• Ben Erickson

Ant-Man and the Wasp

Ant-Man and the Wasp is the twentieth film produced by the Marvel Cinematic Universe (MCU) - a growing number that before long will eclipse my age - bringing back some levity after the still reverberating events of Avengers: Infinity War. The Ant-Man films are nil comparable to that scope of drama, instead focusing on familial ties and past mistakes, making Ant-Man and The Wasp a refreshing new entry at a time when just such lighthearted theatre is needed. Both films now have been directed by Peyton Reed and scored by Christophe Beck. Steven Price was originally set to compose for Ant-Man, replaced by Beck when Reed was brought in to direct. The two collaborated on the comedy Bring It On back in 2000, reuniting on the set of Ant-Man and continuing their partnership here. Beck is a Canadian born composer (huzzah!) who studied music at Yale and film scoring in California, working with Jerry Goldsmith at a young age and quickly mastering his craft. His work covers a wide range of genres, from comedy to action to science-fiction to fantasy to historical drama to... well, you name it! Some of his major accolades come with Buffy the Vampire Slayer, which he worked on for three seasons, receiving an Emmy for his efforts, and a few of his better known works include Frozen, The Hangover, and Edge of Tomorrow. When preparing to score Ant-Man the composer said, "I wanted to write a score in the grand symphonic tradition of my favorite superhero movies, with a sweeping scope and a big, catchy main theme. What makes this score stand out among other Marvel movies, though, is a sneaky sense of fun since it is, after all, not only a superhero movie, but also a heist comedy." The first score was exactly that, using an upbeat main theme to lead the way. The theme is made of two primary components; an ostinato pattern and a melody. The ostinato sets the tone, taking up a fusillade of staccati rhythms in a 7/8 mixed meter that continue with exaggerated energy as the melody enters, set for an alto flute in G minor. The melody is made of a recurring sigh that moves down a minor third to the root, taking advantage of the time signature with eighth-note pick-ups for each new exhalation. Though the music for the first Ant-Man was moderately criticized for coming off as monothematic the theme returns for the sequel in a big way, filling in a lot of the action oriented material ("Tracker Swarm", "Misdirection", "A Flock of Seagulls", "Ghost = Toast", "Reduce Yourself", and "Anthropodie") and making one particularly comical entry as a techno remix when Scott infiltrates his daughter's school ("World's Greatest Grandma"). One other returning gesture is the the sacrificial excerpt used for Hope's mother, Janet. It is a relatively simple gesture that nevertheless carries a remarkable level of emotional gratification. Set in a major key it returns early in the film to re-cap the tragedy from which Hope lost her mother ("Prologue"), appearing several times as they attempt and eventually succeed in restoring Janet from the quantum realm ("A Little Nudge", Cautious as a Hurricane", and "Revivification"). This gesture uses two simple ingredients: the first is a repeating movement that leaps down from and climbs back to the tonic, and the second is a single-bar hemiola comprised of second inversion chords that move in the brass and close with a root position half cadence.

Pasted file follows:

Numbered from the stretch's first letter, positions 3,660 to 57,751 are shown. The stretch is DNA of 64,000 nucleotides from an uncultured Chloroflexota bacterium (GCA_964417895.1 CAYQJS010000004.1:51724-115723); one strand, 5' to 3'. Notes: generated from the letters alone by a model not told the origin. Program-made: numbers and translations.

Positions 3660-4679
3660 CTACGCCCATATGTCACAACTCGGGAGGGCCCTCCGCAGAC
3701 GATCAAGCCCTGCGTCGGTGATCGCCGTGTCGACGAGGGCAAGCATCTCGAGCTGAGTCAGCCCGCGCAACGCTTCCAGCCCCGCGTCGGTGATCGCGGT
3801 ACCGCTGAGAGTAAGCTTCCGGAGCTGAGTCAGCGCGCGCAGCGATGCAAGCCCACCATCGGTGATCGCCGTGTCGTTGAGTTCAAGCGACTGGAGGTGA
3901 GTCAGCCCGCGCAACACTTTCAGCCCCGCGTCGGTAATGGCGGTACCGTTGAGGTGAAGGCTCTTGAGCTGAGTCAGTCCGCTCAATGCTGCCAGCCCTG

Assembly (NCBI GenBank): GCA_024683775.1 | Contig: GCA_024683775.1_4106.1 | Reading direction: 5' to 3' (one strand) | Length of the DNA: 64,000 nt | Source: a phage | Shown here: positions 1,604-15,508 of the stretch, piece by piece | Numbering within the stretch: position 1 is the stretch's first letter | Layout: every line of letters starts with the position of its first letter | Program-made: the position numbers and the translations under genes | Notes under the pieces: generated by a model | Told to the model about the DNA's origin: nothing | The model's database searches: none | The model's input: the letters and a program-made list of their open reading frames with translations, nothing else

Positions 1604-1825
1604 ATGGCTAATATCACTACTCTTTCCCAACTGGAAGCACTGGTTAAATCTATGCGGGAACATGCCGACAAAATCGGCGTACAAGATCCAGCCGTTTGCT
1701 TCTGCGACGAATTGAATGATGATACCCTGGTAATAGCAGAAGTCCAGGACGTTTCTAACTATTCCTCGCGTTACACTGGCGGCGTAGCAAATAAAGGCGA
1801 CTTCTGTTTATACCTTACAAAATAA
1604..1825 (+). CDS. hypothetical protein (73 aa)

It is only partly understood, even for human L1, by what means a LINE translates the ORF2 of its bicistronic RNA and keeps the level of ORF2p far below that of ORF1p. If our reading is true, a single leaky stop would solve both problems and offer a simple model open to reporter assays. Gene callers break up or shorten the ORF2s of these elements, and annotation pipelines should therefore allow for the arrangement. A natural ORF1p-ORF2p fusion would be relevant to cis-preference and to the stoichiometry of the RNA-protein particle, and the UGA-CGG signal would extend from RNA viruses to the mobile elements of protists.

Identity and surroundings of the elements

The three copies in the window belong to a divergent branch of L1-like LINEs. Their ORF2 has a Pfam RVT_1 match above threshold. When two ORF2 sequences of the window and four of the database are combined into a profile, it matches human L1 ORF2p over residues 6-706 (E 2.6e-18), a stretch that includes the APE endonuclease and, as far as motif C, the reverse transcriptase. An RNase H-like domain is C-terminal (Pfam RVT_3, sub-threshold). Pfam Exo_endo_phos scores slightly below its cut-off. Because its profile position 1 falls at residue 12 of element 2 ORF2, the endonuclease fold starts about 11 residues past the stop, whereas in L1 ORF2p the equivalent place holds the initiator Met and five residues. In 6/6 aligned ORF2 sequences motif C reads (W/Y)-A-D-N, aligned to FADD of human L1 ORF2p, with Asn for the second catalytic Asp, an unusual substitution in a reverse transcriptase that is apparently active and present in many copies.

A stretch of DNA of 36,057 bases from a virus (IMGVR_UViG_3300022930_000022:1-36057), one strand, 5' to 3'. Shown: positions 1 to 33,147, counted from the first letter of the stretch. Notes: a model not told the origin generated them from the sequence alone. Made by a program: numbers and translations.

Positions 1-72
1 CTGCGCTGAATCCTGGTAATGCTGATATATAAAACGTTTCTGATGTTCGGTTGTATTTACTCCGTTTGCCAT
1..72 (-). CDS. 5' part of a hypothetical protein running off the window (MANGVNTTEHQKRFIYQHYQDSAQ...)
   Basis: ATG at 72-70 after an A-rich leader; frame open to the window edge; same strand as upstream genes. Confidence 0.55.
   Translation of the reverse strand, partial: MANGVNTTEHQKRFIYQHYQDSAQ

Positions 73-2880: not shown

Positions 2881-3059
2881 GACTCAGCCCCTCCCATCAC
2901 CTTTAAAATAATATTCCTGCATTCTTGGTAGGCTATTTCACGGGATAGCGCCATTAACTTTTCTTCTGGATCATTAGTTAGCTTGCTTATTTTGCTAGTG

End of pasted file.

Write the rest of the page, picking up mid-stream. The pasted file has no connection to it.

The two new themes written for the film are the themes for Wasp and Ava, otherwise known as Ghost. The cue "It Ain't Over Until the Wasp Lady Sings" is only heard during the end credits, but it is more or less a concert arrangement of the Wasp theme for those interested. Like the Ant-Man theme Wasp was given a mixed meter, though hers is in 5/8 as opposed to 7/8 time, capturing an erratic and – dare I say it – insectoid attitude in the underlying rhythms that flickers about with an unstable certitude. The theme enters with fearless brass crescendos, jumping a major seventh with each phrase to various tendency tones. There on the fourth beat of the bar the harmonies clash before the tendency tones resolve to the octave, opening up with a complete triad on the downbeat. The B section of the theme consists of almost lyrical bursts from the melody, pushing the apogee of each successive phrase ever higher before sustaining the leading tone of the new key. It is namely performed during the action sequences throughout, adding a great deal of lively fun to the screen ("Prologue", "Wings & Blasters", "I Shrink, Therefore I Am", "Windshield Wipeout"). The cue "Ghost = Toast" uses a particularly sensational outpouring of the Wasp theme, joined by choir for the final confrontation between the Hope and Ava. On top of being a good theme for its rhythmic diversity the Wasp theme creates a well-rounded thematic experience that was absent from the original Ant-Man. Had there been two themes of proportionate strength and durability from the get-go it is likely Beck would never have received any negative feedback whatsoever. But it so happens that Ant-Man and the Wasp, rather than correcting the mistake, may have just taken it a step too far this time. Rather, there may be too many themes, which I will discuss in a moment. The fourth theme, as I mentioned prior, belongs to Ava. It is musically quite suitable when you consider that Ava is less of a villain and more a victim, full of minor, lamenting, and moaning qualities that allow us to sympathize with her situation ("Ghost in the Machine", "Ava's Story", and "Utmost Ghost"). However, despite being a good theme, making appearances just about every time Ava is on screen, the film was made no more or less successful by its presence. This probably sounds strange coming from the guy who makes the utmost effort to identify themes and their power, but it is important to remind ourselves that musical continuity is about more than a melody. In the case of Ava's theme one can readily say that the elements that impacted us immediately were the soft, glossy, synthetic tones and timbres used to emphasize her ethereal, fuzzy, phase-shifting nature. The spontaneous strength that belongs intrinsically to timbres and colours is no less effective than thematic continuity, and what is more is that thematic continuity takes time to establish. For a theme to be effective we have to experience a minimum of two events coinciding with the theme's signifier, assuming two encounters are enough time to hear, recognize, and understand every theme. Colours and timbres on the other hand achieve their objective instantaneously. So my question is this: why bother with a theme for Ava? If she is to make further appearances as a converted protagonist than having a theme for her makes sense. But if not all I can say is that writing her a theme, though not damaging in any way, was unnecessary, and it impeded Beck's musical license to explore other interesting things. It is also becoming typical of apprehensive composers to write a set of themes as a cop out simply to fill screen time. I do not think that is what happened here. Beck is easily cultivated enough a composer to offer whatever material he wants, but regardless this is something that is becoming more noticeable every year. Entire scores become a thematic exercise, leaving no room for elaborated musical interpolations - or 'background music' if you will - that require a far more refined skill set than simple thematic endeavors, and additionally the effort required by the audience to identify too many themes only convolutes the story instead of adding to it. Ultimately, Ant-Man and the Wasp already had strong thematic characters without the theme for Ava, rendering its inclusion moot in the mind of this critic. Though Beck does a very clever thing early in the score by linking Hope and Ava together musically. The composer does not do this through thematic or harmonic material, but with instrumental association. The "Prologue" cue to open the film begins with an oboe on Wasp's theme, set quietly in the top of its register, and the same oboe returns midway through "Ava's Story" on her theme as she explains her mysterious abilities to the captive bunch. The association is interesting because both women are victims fighting to regain something that was lost to them. Small touches like these often make the difference between a mediocre and a noteworthy score. The remainder of the score is full of drum kit beats and bass guitar, such as what we hear in the "Hot Wheels" cue, giving the music an adolescent rock-out sort of quality befitting the character. There are also many unique moments throughout the score besides. The glancing electronics in "Utmost Ghost" for instance, or the Don Davis-esque brass swells in "Quantum Leap", and the deep, fluctuating siren with a bending and sliding electric guitar overtop a slow rendition of the Ant-Man ostinato when Scott becomes Giant-Man ("San Francisco Giant"). And there is a hilarious use of what was likely a balalaika, a stringed instrument native to Russia. The strumming commences in the film when Scott's friend Kurt, played by David Dastmalchian, expresses a fear of the folkore witch Baba Yaga. There is even an amusing bonus cue not featured in the film wherein Dastmalchian recites a cautionary stanza with trembling fear ("Baba Yaga Lullaby"). All in all the score for Ant-Man and the Wasp is fashioned of endearing emotional substance, and it surely satisfies whatever craving any action score junkie might be experiencing.